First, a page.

Why Apps are Being Removed and Reinstated by Google on Play Store

It .appears that Google previously removed several popular Indian apps from its Play Store due to violations, particularly related to payment terms. However, these apps seem to have been reinstated after the companies complied with Google's policies

Kapish Khajuria
New Update
Why apps are being removed and reinstated by Google on Play Store

It appears that Google previously removed several popular Indian apps from its Play Store due to violations, particularly related to payment terms. However, these apps seem to have been reinstated after the companies complied with Google's policies.


On Google Play, apps have three options for accepting payments for digital services: using Google's billing system, utilizing alternative payment methods where the company charges a commission, or using a consumption mode where the developer redirects the user to an external website for payments. Violations of these policies led to the removal of certain apps.

Given that Android holds a market share of over 90% in India, having an app on the Play Store is crucial for developers and companies to reach a wide subscriber base. This makes compliance with Google's policies important for continued success and visibility on the platform.

Which popular apps were removed from the Play Store?


The recent removal of several popular Indian apps from the Google Play Store has sparked a contentious dispute between app developers and the tech giant. Notable apps such as, Naukri, 99acres, and Jeevansathi were among those delisted, prompting strong reactions from both the government and the founders of the affected companies.

What was the Government and founder's reaction to the removal of certain apps from the Play Store?

Founders and representatives of these apps expressed concern over Google's decision, with Anupam Mittal, founder of People Group which operates, calling for government intervention to ensure compliance with regulatory orders and the restoration of the delisted apps.


Additionally, Kuku FM co-founder voiced dismay over their app's removal from the Play Store, highlighting the impact on their multi-lingual audio platform's user base.

What is the main cause of app removal?

The dispute revolves around Google's decision to increase its in-app purchase commission from 11% to 26%, prompting resistance from Indian app developers. This move followed directives from the Competition Commission of India (CCI) to revise fee structures, which were challenged by developers in court but ultimately denied.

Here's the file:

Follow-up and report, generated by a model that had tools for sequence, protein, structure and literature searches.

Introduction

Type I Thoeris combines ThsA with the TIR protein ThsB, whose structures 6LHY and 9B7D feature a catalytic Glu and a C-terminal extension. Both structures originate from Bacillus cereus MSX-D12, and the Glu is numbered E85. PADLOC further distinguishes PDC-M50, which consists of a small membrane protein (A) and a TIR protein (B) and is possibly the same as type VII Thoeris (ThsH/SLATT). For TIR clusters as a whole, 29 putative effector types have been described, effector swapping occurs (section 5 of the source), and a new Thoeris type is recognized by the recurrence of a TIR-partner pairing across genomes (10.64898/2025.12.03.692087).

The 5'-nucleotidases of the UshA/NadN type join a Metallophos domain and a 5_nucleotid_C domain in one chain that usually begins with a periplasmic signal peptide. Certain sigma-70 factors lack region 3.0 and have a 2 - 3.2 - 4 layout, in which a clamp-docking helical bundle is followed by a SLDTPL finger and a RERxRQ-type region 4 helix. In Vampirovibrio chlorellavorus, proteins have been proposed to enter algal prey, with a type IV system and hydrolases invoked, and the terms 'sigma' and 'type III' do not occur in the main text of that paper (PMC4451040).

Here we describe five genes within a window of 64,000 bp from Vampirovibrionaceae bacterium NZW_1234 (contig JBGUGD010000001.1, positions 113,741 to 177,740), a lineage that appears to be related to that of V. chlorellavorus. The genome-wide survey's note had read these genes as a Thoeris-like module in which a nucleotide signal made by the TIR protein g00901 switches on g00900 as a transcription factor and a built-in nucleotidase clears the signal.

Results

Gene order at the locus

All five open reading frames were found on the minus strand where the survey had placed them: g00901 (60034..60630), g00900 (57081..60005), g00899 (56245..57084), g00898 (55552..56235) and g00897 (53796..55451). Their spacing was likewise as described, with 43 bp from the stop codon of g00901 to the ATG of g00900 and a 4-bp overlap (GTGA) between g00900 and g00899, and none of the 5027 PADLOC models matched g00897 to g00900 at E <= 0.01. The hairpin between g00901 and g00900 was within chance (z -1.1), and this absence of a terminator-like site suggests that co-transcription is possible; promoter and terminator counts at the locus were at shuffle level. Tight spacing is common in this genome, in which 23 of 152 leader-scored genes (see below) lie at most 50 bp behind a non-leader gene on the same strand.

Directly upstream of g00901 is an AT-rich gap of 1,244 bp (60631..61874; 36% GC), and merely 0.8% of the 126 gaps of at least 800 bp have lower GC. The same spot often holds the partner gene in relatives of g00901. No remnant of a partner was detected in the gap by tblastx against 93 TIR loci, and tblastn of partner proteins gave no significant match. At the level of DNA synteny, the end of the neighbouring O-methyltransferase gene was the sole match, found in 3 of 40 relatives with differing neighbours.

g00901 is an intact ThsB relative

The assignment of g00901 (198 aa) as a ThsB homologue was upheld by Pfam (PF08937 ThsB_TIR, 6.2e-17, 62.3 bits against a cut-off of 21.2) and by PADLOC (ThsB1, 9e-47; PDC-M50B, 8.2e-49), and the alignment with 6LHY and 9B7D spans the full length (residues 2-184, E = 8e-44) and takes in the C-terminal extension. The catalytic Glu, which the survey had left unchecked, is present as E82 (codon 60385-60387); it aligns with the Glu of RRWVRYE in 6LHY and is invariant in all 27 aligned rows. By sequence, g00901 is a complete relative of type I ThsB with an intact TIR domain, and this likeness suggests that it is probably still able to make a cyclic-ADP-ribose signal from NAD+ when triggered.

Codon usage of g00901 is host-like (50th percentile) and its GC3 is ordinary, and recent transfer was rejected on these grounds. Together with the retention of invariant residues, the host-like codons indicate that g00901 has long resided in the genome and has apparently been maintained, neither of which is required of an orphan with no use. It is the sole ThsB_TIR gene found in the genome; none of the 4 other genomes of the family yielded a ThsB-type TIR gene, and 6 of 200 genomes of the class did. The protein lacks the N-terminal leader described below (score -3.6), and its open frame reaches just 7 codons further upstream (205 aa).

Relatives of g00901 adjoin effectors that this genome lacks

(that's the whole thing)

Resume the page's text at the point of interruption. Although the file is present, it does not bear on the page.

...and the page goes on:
This move came amidst legal battles where app developers contested Google's payment terms, a situation exacerbated when both the Madras High Court and the Supreme Court refused to intervene in favor of the developers.

Google, in response, defended its actions by stating that several developers had opted not to comply with payment policies, thereby justifying the removal of their apps from the Play Store. This move has further heightened the standoff between Google and Indian app developers, prompting calls for alternatives to the Play Store ecosystem.

Is there any other platform or app store?


PhonePe has recently launched the Indus Appstore as a direct competitor to Google's Play Store, positioning itself as a transformative force in India's digital landscape. With over 200,000 mobile applications and games available in 12 Indian languages, Indus Appstore aims to offer Indian consumers a diverse selection of apps.

Developers are also being incentivized with a waiver of app listing fees for one year, extending until April 1, 2025. This move is significant as it enables users to access a wide array of apps catering to their linguistic preferences, potentially capturing a substantial portion of the Indian market.

In response to Google's dominance, India's Mobile Seva or mSeva AppStore, launched in 2013, has garnered considerable attention with its collection of 1,197 live apps and over 90 million downloads. This diversification within the Indian app ecosystem poses a challenge to Google's monopoly on app distribution.


What's next in the line for Google to ban apps on its Play Store?

Google's control over its Play Store continues to face regulatory challenges. The Competition Commission of India (CCI) may intervene in this tech dispute, with a hearing scheduled for March 19. Previously, the CCI had directed Google to address its anticompetitive practices and allow third-party app stores on the Play Store. Yet, this directive was overturned by the National Company Law Appellate Tribunal (NCLAT) in March 2023.

Beyond India, Google is also under regulatory scrutiny in various other countries, including the UK, Japan, South Korea, and Indonesia. These regulatory investigations highlight the global concern over Google's business practices within its Play Store ecosystem.